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Buckinghamshire (Unitary Authority)
Stoke Poges
National Grid Reference:
SU 97478 82506


Memorial gardens laid out in the 1930s, with informal lawns surrounding a central avenue and formal garden, designed by Milner, Son and White, Landscape Architects.


In 1928 Sir Noel Mobbs (d 1959) gave a piece of gently sloping open parkland, part of the east side of Stoke Park (qv), for a garden of remembrance. The garden was laid out by Edward White of Milner, Son and White, Landscape Architects, during the early 1930s, when it was illustrated as an example of modern design in Landscape and Garden (Summer 1934), then the journal of the Landscape Institute. In this publication it was described as 'An idealistic memorial garden to be made on the site of the meadows immortalised by the poet Gray, Stoke Poges Gardens'. Thomas Gray was the predominant poetic figure of the mid C18 and a forerunner of the romantic movement. In 1750 he finished the poem for which he is best known, "Elegy Written in a Country Churchyard", written supposedly in Stoke Poges churchyard, and sent it to his friend, the author Horace Walpole, at whose insistence it was published in 1751. Its reflective, calm and stoic tone was much admired at the time and has continued to be so since, together with its evocation of the essence of idealised English rurality.

The layout of the garden of remembrance was completed in November 1937, and the site was subsequently passed to South Buckinghamshire District Council's ownership. Edward White (c.1873-1952) wrote in 'Landscape & Garden' 1934 of his design intention: 'The gardens are intended for the repose of the ashes of cremated persons and will be designed and maintained in a fashion for which there is no existing precedent. In particular, there will be no buildings, erections or monuments of any kind likely to remind one of a cemetery. A large area has been planned on a generous scale as a complete garden and divided into a series of characteristic features, formal and informal. Inside them there will be designed in detail an indefinite number of small gardens which will become the private property of persons who wish to acquire them. The small gardens will be planned as far as possible to suit individual taste and will be maintained in perpetuity exactly as agreed by the society responsible for the undertaking'.

White was a distinguished landscape architect who joined H E Milner's firm Milner, White & Sons (founded by Milner's father, Edward Milner). As well as undertaking designs for country houses and public schemes, he had an interest in the cremation movement and the development of Gardens of Remembrance where ashes could be scattered or buried. He developed further in 1938 the gardens established at Golders Green Crematorium (qv) with work by William Robinson, the West London Crematorium at Kensal Green Cemetery (qv) in 1939, the Gardens of Rest at Chipperfield Church, Herts. but his greatest scheme of this type was the Stoke Poges Garden of Remembrance (early 1930s). He lectured at Cremation Society conferences and wrote for their publications.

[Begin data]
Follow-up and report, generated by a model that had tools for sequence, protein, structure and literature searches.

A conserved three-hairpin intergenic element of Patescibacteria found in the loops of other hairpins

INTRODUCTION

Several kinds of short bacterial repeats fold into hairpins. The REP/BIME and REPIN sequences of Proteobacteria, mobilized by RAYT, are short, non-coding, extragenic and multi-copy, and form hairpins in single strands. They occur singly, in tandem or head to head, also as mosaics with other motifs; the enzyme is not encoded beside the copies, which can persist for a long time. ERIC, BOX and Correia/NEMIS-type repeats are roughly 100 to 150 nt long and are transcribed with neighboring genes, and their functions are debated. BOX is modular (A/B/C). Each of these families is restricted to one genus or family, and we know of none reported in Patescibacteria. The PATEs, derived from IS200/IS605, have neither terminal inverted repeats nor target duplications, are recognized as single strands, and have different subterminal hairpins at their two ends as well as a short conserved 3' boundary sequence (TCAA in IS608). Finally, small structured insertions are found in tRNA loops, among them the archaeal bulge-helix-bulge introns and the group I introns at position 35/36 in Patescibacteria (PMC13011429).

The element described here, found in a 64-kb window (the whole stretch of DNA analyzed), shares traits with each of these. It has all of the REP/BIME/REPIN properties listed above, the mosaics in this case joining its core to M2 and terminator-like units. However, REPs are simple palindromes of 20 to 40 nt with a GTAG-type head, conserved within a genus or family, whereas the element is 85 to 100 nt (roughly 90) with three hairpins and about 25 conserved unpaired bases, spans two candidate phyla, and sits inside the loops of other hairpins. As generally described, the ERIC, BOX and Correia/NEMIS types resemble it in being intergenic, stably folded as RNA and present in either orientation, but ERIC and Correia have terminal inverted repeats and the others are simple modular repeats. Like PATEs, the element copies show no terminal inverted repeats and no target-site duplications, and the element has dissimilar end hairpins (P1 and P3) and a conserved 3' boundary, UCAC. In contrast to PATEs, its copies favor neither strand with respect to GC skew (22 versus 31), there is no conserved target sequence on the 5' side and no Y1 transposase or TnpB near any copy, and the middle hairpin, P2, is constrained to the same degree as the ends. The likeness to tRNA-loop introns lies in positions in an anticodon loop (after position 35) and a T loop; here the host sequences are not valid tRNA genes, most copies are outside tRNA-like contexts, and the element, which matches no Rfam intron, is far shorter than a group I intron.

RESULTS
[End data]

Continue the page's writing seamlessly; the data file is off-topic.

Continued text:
It was an early and pioneering example of a garden of remembrance. It abandoned entirely and deliberately the established Victorian cemetery model in order to provide a new type of funerary landscape to accommodate a rapidly developing type of disposal method, cremation.

The garden has had further memorial features added over the years and remains a garden of remembrance, in which the ashes of Sir Noel and his wife, Helen, were interred. It underwent a major restoration programme, supported by the Heritage Lottery Fund, in 2002-04.


LOCATION, AREA, BOUNDARIES, LANDFORM, SETTING Stoke Poges Gardens lie at the southern end of the village of Stoke Poges, adjacent to the C18/C19 landscaped Stoke Park, 3km north-east of the centre of Slough. The c 9ha roughly triangular site is bounded to the east by Church Lane from Stoke Poges to Slough, to the west by the east drive to Stoke Park House leading off this road north-west, and to the north by the north lake of Stoke Park and parkland to the east of it leading to the parish churchyard. The land slopes gently down to the north-west, the setting being largely rural and that of designed parkland, with views west from the north side of the Gardens over the north lake and parkland to the east front of Stoke Park House, and north towards the C16 Manor House. To the north stands the parish church, within the churchyard immortalised in Thomas Gray's mid C18 Elegy in a Country Churchyard.

ENTRANCES AND APPROACHES The main entrance, off Church Lane, lies at the east corner of the Gardens, set slightly back off the road and flanked by brick piers supporting iron gates. The piers are flanked by low brick walls on which stand iron railings extending to north-east and south-west along the roadside. From here a path leads north-west, passing a pond set in lawn to the east and arriving at the two-storey brick Penn Gray cottage with single-storey wings and a porch, from which the Gardens are managed. White intended this building having 'been shorn of its Victorian features', together with its garden to herald 'a simplicity which it is hoped will remain the keynote of the whole scheme'. ('Landscape & Garden')